By Eric Kabeera,
The Chairperson of the EAC Council of Ministers and Kenya’s Minister for EAC, Musa Sirma, has called for a review of the role of the United Nations Environment Programme (UNEP) to make it more effective.
Sirma noted that driving the sustainable development agenda in the UN system would require a transformation of the institutions spearheading these efforts, notably the Nairobi-based UNEP.
“The role of the United Nations Environment Programme (UNEP) must be reviewed. UNEP’s progress has been greatly hampered by the limited authority and insufficient resources in responding to continuing and emerging challenges and issues related to environment and development,” Sirma asserted.
He urged the Rio+20 Summit to focus on delivering on the means of implementation to drive the sustainable development agenda, noting that there were several critical gaps undermining the fulfilment of international commitments.
“The Rio+20 Summit should unlock the provision of new, additional, predictable and stable financial resources. It should promote the strategic role of science and technology, including information technology and innovation through enhancing appropriate incentives, enhancing access and transfer of patent-protected environmentally-sound technologies,” he added.
Sirma also offered assurances of EAC’s commitment and determination in advancing global sustainable development, remarking that: “We have enough endurance to overcome our differences and sufficient strength to unite for the sake our common future”.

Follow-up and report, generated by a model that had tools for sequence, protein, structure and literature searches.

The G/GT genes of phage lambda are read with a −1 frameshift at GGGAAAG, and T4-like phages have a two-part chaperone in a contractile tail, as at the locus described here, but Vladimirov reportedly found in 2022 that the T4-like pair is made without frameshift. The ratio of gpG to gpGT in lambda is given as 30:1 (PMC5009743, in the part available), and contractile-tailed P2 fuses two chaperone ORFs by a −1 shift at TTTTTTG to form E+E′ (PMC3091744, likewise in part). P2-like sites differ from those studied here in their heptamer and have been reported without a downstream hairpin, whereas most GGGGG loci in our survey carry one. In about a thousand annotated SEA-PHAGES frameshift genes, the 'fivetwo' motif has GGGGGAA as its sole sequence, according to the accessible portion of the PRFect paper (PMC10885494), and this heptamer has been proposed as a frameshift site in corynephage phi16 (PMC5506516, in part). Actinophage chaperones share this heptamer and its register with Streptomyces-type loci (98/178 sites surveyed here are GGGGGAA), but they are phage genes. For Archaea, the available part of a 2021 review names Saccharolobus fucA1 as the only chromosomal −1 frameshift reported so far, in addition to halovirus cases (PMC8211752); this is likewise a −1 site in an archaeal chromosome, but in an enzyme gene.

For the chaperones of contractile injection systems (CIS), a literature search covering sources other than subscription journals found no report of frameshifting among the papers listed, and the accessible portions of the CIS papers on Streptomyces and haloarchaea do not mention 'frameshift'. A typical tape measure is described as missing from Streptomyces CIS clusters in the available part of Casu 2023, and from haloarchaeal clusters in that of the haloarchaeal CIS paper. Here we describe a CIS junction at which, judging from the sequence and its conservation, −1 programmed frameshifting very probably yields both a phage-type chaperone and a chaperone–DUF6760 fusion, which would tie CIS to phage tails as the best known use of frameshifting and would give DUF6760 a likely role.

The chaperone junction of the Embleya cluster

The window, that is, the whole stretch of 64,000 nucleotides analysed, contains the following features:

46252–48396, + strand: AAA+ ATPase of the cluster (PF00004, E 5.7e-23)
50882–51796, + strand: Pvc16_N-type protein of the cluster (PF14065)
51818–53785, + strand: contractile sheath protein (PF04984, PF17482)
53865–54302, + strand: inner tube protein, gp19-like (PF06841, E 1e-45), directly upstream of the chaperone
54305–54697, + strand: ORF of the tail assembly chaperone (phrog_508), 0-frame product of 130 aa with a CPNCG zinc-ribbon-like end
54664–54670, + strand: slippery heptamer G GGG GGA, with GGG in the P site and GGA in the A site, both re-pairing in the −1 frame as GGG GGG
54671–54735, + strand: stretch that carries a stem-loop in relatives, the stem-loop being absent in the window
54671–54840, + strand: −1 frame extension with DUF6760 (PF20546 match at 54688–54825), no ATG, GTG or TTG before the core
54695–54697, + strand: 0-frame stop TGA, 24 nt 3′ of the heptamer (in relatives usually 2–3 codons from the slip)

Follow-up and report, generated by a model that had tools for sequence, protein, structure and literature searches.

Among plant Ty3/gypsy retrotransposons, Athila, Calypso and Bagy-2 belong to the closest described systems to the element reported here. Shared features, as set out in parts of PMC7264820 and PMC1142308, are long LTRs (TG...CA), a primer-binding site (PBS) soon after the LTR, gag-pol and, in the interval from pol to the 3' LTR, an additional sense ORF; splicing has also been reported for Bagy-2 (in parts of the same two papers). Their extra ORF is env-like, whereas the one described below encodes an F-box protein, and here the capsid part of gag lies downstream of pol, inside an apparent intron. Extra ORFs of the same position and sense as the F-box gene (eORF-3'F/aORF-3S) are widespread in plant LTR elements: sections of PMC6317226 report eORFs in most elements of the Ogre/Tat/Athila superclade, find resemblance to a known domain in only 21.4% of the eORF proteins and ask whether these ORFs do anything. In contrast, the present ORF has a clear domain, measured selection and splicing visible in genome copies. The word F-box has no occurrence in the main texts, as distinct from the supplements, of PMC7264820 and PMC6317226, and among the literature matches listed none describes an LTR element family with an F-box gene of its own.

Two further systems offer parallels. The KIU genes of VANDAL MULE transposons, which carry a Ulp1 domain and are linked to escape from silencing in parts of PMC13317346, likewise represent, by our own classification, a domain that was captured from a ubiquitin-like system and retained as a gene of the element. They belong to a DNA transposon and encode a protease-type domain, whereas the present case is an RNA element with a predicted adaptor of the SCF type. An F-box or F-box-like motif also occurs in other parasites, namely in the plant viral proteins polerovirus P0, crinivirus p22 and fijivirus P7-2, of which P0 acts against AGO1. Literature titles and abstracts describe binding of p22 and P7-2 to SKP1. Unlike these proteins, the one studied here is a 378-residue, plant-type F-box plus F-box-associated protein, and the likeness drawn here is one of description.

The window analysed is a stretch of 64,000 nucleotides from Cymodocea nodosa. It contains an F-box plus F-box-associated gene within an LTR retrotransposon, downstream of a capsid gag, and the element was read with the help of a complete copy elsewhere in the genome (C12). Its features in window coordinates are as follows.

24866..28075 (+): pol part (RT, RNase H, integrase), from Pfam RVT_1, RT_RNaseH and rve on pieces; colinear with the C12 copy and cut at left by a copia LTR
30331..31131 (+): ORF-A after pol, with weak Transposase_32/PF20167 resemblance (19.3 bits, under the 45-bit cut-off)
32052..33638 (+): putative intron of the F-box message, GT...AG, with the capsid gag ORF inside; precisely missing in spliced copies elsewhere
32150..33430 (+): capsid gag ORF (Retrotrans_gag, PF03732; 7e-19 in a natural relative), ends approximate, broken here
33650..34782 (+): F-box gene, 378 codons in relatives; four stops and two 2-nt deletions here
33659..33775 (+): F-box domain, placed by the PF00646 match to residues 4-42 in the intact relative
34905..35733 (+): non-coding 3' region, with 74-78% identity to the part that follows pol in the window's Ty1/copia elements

Meanwhile the EAC Secretary General, Amb. Richard Sezibera, echoed the Council Chairperson’s views on the need to transform the UNEP, saying it would “enable it to lead and effectively coordinate our efforts as we confront the pressures on the environment that global economic and population growth inevitably pose.”
The Secretary General observed that climate change is one of the major threats to sustainable development in the region, and informed his audience that the impact of climate change on livelihoods, in particular food and cash crops production as well as livestock development, is even more pronounced since East Africa depends heavily on rain-fed agriculture.
Agriculture contributes 40% of the region’s GDP and provides livelihood for 80% of the population.
Sezibera highlighted the broad achievements of the EAC, including the entry into the Customs Union and Common Market phases of integration; the ongoing negotiations for a monetary union protocol; as well as environment-specific successes such as adoption of an EAC Climate Change Policy.